Jacqueline K. Levine of West Orange was almost embarrassed by the applause she received in a stirring address before the annual gathering of national Jewish federation leaders in Baltimore.
Speaking at the opening plenary of the General Assembly of the Jewish Federations of North America, held Nov. 11-13 in Baltimore, Levine described her participation in key moments of the civil rights movement, including her time on a picket line at a Newark Woolworth’s store that refused to serve blacks at its lunch counter.
“I don’t know that I deserve applause,” she told the audience on the first day of the event. “I had to do it. It was within me. I had to be part of that.”
The speech by Levine, who has served for 30 years on the executive committee of the board of what is now the Jewish Federation of Greater MetroWest NJ, was widely acknowledged as a highlight of the convention, which also included appearances by Elie Wiesel, Natan Sharansky, and Israel’s ambassador to the United States, former West Orange resident Michael Oren.
The goal, said organizers, was to inspire a new generation of leaders with stories of her strength in the face of discrimination anywhere in the world.
Levine spoke about taking part in the “remarkable” March on Washington for Jobs and Freedom in 1963, and hearing her rabbi, Joachim Prinz of Temple B’nai Abraham, deliver an oration before Martin Luther King Jr. gave his now famous “I Have a Dream” speech.
She was again interrupted with applause as she discussed marching for civil rights from Selma to Montgomery, in a protest led by King. “When I marched at Selma, my feet were praying,” she said, quoting Abraham Joshua Heschel.
Injecting a sobering note, she reminded the audience that “it was a wonderful day but a terrible time.”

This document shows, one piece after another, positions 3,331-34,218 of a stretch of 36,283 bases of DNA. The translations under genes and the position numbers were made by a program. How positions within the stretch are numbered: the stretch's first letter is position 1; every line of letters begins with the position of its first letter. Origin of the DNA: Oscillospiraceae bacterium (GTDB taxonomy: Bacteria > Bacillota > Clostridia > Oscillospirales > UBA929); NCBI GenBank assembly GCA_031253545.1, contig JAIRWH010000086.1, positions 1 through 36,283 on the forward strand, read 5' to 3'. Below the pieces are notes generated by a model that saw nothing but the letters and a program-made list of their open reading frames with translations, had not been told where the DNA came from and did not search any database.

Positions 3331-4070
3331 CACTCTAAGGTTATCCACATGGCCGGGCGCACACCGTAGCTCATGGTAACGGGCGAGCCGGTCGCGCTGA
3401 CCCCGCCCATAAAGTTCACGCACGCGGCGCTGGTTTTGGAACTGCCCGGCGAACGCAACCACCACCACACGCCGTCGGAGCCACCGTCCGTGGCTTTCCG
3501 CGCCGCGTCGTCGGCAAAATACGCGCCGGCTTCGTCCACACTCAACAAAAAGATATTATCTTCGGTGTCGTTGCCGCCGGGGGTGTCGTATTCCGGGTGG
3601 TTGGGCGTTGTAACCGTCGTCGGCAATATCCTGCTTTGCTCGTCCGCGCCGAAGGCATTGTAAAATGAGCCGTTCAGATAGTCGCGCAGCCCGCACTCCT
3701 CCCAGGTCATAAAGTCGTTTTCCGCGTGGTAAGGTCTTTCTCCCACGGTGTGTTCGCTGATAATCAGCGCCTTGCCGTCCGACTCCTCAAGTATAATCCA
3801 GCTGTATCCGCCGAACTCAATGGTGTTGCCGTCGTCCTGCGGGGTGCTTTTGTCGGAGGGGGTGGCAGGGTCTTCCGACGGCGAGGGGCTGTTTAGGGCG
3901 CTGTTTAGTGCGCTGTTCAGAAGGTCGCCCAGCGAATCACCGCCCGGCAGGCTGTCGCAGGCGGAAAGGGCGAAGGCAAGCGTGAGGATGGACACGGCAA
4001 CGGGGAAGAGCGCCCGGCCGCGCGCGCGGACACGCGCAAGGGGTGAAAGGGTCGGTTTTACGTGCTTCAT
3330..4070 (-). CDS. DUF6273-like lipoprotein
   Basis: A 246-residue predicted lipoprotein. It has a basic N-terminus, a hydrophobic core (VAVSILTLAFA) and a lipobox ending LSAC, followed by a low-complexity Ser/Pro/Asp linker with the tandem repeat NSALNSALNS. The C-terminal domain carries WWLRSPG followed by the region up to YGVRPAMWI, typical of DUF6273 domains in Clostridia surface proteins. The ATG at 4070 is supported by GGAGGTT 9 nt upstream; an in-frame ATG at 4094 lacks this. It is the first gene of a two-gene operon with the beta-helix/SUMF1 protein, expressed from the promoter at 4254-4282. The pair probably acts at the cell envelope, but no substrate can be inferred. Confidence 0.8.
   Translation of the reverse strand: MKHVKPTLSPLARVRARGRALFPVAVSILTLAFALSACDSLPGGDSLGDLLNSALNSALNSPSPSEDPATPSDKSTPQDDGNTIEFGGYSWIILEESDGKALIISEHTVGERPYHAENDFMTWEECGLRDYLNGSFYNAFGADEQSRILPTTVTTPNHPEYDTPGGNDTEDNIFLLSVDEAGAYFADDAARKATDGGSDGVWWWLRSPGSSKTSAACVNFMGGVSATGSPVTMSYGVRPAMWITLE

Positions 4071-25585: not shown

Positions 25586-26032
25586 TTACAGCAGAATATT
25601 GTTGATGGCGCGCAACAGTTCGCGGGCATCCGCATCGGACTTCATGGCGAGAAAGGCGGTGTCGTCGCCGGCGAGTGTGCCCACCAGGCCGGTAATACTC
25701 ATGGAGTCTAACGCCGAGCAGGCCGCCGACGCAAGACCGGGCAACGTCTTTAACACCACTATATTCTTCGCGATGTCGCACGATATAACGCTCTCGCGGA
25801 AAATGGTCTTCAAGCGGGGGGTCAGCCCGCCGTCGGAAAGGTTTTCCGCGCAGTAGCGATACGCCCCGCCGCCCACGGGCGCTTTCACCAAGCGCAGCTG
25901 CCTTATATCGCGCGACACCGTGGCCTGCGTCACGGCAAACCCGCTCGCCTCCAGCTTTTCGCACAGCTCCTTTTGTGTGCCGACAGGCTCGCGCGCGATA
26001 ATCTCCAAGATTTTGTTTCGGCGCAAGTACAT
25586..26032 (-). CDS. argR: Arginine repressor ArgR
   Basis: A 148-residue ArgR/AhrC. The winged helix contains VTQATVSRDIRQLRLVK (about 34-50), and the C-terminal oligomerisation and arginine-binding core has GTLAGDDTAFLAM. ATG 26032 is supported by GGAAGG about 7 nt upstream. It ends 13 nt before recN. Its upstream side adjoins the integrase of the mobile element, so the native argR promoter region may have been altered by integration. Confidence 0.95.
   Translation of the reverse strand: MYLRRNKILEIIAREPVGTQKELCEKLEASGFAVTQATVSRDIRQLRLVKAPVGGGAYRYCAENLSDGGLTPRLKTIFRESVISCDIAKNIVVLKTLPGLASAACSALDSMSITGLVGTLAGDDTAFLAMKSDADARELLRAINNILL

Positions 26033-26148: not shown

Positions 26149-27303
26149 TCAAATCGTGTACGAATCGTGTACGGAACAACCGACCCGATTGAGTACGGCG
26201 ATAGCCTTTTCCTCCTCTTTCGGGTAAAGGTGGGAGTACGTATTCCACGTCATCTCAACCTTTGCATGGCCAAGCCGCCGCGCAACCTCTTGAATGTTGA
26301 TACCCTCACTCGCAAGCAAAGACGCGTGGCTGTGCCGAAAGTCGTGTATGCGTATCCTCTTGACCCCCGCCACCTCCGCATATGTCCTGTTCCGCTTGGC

At the same time, her activism was “a pivotal moment in my life,” leading her to take up other issues. She would go on to become the first woman to serve as the national chair of the American Jewish Congress’s Governing Council and the first national chair of the Mobilization for Soviet Jewry. She also has battled hunger as a founding member of MAZON, and poverty on the board of the Jewish Fund for Justice.
In 1969, Levine became national president of the women’s division of the Council of Jewish Federations, a precursor to JFNA. She and her husband of over 60 years, Howard Levine, president of a transportation company, have supported the Montclair Art Museum, Bryn Mawr College, HIAS, and the League of Women Voters.
Levine received perhaps her biggest ovation in describing the two times she was arrested for her activism. The first time, she and her children were arrested and jailed overnight for leafleting, at the request of Prinz, against an anti-Israel mural at the Jordanian pavilion at the 1964 New York World’s Fair.
“My two sons thought it was a lot of fun. My daughter was not so sure,” she said. “It actually was a very difficult day — a full day — in prison. Very sobering. The matron doesn’t know that you’re there for civil rights or civil liberties or any reason.”
A judge ultimately upheld her First Amendment rights, and her record was expunged.
Twenty years later, by then deeply involved in the Soviet Jewry movement, she tried to slip a letter under the door of the Soviet Embassy in Washington during a protest vigil and was arrested.
“It was not quite so harrowing for me as the first time,” she said. They stayed overnight, pleaded no contest, and went home. It took three years to clear her record. “Thank God,” she quipped, “in time for my grandchildren to get into college.”
Dubbing her life in activism and advocacy “a search for perfection of the world,” she said, “I believe deeply that I have to follow the mandates of our prophets: to seek peace, justice, equality, freedom, and to do that through a dual prism” of taking care of Jews and “all humankind.”
She added, “I am a fulfilled and very fortunate woman.”